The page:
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Newark evening star and Newark advertiser. [volume] (Newark, N.J.) 1909-1916, October 09, 1913, HOME EDITION, Image 12

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Newark (£oemng i^tar
JAMES SMITH, JR.
FOUNDED MARCH 1. !***•
Published every afternoon, Sundavs excepted, by the Newark l>ail.
Publishing Company.
Entered as second-class matter. Fehruary 4. 15M. at th»
N. J. under the Act of Congress of March 3. 1*<»
Weekly Edition—THE SENTINEL OF FREEDOM. Estn a 9„ b‘llshers'
Member of the Associated Press and American Newspap i
Association. ^ Market
MAIN OFFICE. Rranford place and Nutria streetv„^'Jann’Snd 43d Orange
orange OFFICE. 179 Main street. Orange. THephonc« 4310 an Harrlson
HARRTSOX OFFICE.. • ■ ■ Rank Building.
WASHINGTON. D. C.. BUREAU. Metropolltan^Nationnl street opp. Treasury
CHICAGO OFFICE. Mailers' Building. ^ve.
NEW YORK OFFICE, northwest corner Twenty-eighth "tree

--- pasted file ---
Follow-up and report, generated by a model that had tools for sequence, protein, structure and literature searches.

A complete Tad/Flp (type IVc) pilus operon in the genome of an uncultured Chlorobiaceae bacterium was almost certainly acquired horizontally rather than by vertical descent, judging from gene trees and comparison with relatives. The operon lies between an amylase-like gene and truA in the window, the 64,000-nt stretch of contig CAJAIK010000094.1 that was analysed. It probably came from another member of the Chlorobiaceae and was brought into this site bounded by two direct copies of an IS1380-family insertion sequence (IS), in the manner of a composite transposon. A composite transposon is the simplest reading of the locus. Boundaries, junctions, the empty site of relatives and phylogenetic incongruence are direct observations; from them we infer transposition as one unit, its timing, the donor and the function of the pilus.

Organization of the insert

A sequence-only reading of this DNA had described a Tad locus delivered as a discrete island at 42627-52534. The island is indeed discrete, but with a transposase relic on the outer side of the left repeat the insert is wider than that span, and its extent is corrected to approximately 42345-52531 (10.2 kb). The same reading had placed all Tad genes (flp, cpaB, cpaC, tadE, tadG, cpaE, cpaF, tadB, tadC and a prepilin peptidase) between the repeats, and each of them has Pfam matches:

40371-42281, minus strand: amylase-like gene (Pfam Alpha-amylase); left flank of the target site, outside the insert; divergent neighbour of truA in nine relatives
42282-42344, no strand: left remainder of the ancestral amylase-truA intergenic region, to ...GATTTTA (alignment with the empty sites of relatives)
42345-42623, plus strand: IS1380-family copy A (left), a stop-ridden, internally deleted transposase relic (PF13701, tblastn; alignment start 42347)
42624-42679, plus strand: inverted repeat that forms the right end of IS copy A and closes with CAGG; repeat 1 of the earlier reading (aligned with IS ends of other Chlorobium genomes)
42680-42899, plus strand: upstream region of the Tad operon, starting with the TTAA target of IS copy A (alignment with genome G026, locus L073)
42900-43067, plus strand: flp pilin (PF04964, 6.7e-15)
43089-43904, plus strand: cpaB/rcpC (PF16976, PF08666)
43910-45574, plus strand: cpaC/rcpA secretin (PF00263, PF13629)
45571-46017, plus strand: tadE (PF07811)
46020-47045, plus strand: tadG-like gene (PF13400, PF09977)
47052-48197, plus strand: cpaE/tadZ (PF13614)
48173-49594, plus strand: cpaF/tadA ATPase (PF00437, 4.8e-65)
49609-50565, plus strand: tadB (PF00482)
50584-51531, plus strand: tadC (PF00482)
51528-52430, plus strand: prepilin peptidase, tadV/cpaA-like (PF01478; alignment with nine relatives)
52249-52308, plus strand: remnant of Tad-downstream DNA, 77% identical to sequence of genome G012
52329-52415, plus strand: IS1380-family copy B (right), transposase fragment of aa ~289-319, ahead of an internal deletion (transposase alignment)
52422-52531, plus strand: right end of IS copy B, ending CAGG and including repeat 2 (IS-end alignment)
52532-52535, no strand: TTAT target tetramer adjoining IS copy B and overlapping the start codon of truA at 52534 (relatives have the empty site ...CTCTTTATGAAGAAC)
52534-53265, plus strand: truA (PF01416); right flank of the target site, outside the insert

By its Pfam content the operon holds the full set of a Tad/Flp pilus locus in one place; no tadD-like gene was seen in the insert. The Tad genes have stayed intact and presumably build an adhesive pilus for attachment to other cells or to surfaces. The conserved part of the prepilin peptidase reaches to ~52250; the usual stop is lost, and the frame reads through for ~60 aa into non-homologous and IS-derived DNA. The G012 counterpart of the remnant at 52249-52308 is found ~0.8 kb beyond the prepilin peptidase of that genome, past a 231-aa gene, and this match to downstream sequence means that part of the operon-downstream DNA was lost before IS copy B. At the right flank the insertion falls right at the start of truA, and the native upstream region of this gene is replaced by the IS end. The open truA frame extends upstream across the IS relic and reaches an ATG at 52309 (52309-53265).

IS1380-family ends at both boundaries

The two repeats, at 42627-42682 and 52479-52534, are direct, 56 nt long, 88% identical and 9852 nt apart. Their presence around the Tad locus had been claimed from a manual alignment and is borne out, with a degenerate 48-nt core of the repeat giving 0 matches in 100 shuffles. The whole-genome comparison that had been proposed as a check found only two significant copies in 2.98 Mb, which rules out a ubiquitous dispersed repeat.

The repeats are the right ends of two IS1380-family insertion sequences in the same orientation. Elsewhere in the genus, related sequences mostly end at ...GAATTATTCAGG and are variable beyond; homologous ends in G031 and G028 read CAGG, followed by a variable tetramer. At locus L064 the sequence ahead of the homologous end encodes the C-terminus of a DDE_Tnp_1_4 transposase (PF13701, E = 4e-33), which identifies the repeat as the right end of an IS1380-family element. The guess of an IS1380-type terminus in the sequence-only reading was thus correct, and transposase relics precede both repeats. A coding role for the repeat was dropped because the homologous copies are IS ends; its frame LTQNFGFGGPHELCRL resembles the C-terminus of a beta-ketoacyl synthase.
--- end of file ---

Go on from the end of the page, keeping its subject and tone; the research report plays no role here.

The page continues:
ATLANTIC CITY. The Dorland Advertising Age -
Mnll auhserlntlon Rnies (Postage Prepaid Within the os s month.
One year. *3.00: six months. *1.50; three, months. 75 cents, one montn.
*B cents. v«n-»rk the Oranges. Harrison.
Delivered by carriers In anv P*.rt of NewarSubscriptions may
Keorny. Montclair Bloomfield and all neighbortng towns.
be given to newsdealers or sent to this omce. __
THURSDAY
COLBY BECOMING A “COMMON SCOLD.”
THERE IS much to be said of the Honorable Ewictt < <>1
bv Progressive gubernatorial candidate, that may not be alto
g'ether to his liking, hut as Mr. Colby is indulging in a lot of
talk that probably pleases himself to the tickling point, he can